David Schweidel Professor of Marketing

Headshot of David Schweidel 1x1  @dschweidel

Areas of Expertise

  • Social media
  • Political advertising


David Schweidel, professor of marketing at Goizueta Business School, is an expert in customer relationship management and social media analytics. His research focuses on the development and application of statistical models to understand customer behavior and inform managerial decisions. His work has appeared in leading business journals and garnered numerous awards, and he has been recognized as a leading scholar by the Marketing Science Institute’s Young Scholar and Scholar programs and by Poets and Quant’s “Top 40 Under 40.”

Schweidel is the co-author of Social Media Intelligence (2014), which examines how organizations can leverage social media data to inform their marketing strategies, and author of Profiting from the Data Economy(2015), which looks at the impact of big data on businesses and consumers.


Trump and Bloomberg Super Bowl Ads - Post Game Analysis (Feb. 3, 2020)

A preliminary look at how Trump vs. Bloomberg faired on Twitter.

  • The volume of tweets mentioning Trump, his twitter ID @rraldonaldtrump or the hashtag #trump today were 3.27 million tweets. This is down from the average daily volume over the previous week of 4.85 million tweets, a decrease of about 1/3.
  • The volume of tweets mentioning Bloomberg, his twitter ID @mikebloomberg or his campaign’s ID @mike2020 were just shy of 400,000 tweets. This is up from the daily average over the previous week of 132,000 tweets, up about 200%.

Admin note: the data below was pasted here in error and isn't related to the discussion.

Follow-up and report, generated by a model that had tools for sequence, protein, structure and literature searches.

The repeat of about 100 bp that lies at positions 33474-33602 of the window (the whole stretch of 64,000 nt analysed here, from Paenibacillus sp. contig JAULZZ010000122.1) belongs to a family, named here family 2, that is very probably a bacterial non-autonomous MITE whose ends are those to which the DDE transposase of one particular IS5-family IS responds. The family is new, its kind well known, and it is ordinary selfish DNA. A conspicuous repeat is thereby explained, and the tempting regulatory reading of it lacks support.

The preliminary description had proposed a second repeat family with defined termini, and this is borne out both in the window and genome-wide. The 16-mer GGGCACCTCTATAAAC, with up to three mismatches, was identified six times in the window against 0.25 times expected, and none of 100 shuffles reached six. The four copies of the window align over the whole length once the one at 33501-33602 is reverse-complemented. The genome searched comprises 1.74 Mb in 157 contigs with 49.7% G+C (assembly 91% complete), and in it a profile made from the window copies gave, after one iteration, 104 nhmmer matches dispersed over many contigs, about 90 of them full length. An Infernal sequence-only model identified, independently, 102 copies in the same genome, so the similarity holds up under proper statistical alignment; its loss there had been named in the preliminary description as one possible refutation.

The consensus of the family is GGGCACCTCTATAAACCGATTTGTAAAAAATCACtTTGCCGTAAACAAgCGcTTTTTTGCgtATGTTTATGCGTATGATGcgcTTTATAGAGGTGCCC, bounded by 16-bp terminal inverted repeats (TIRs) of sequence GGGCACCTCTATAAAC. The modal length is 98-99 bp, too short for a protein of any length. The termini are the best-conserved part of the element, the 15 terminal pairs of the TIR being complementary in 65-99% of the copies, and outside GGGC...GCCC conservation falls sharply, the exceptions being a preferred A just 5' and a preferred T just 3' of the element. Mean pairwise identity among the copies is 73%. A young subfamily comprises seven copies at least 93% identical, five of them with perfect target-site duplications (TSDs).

So, while social media activity mentioning Trump dwarfs that mentioning Bloomberg, Bloomberg did see a bump that we can likely attribute to the Superbowl ad (and the associated press coverage).

 What about the content of those tweets?

  • Bloomberg related tweets are holding steady at approximately 11-12% positive. He did see a jump in negative tweets today compared to the previous week, from 26% to 40%, which may be in part due to the increased visibility from the Super Bowl ad and more people talking about him. Digging deeper into this, there was an increase in prevalence of posts containing sadness, disgust and anger.
  • In comparison, negative sentiment related to Trump has held steady at around 40%, but he did see a jump in positive sentiment compared to the past week’s average, up to 20% from 14%. Underlying this is an increase in the fraction of posts expressing joy.

The data could be spun different ways. Bloomberg’s campaign will obviously be happy that the issue-related ad boosted the volume of relevant twitter activity by as much as it did. As they try to reach as many people as they can, the increased negative sentiment is probably not as much of a concern at the moment. It will be interesting to see if the campaign can take advantage of the ad and sustain the momentum over the next few days. It’s a bit surprising to see that the President didn’t get a bump in Twitter activity following his two ads, but Trump-related twitter activity already is at a high level, so there may be a ceiling to how high it can go.

Of course, we’re only looking at social media, so any data on website traffic and/or donations coming in would give us a better read on how effective the ads were.

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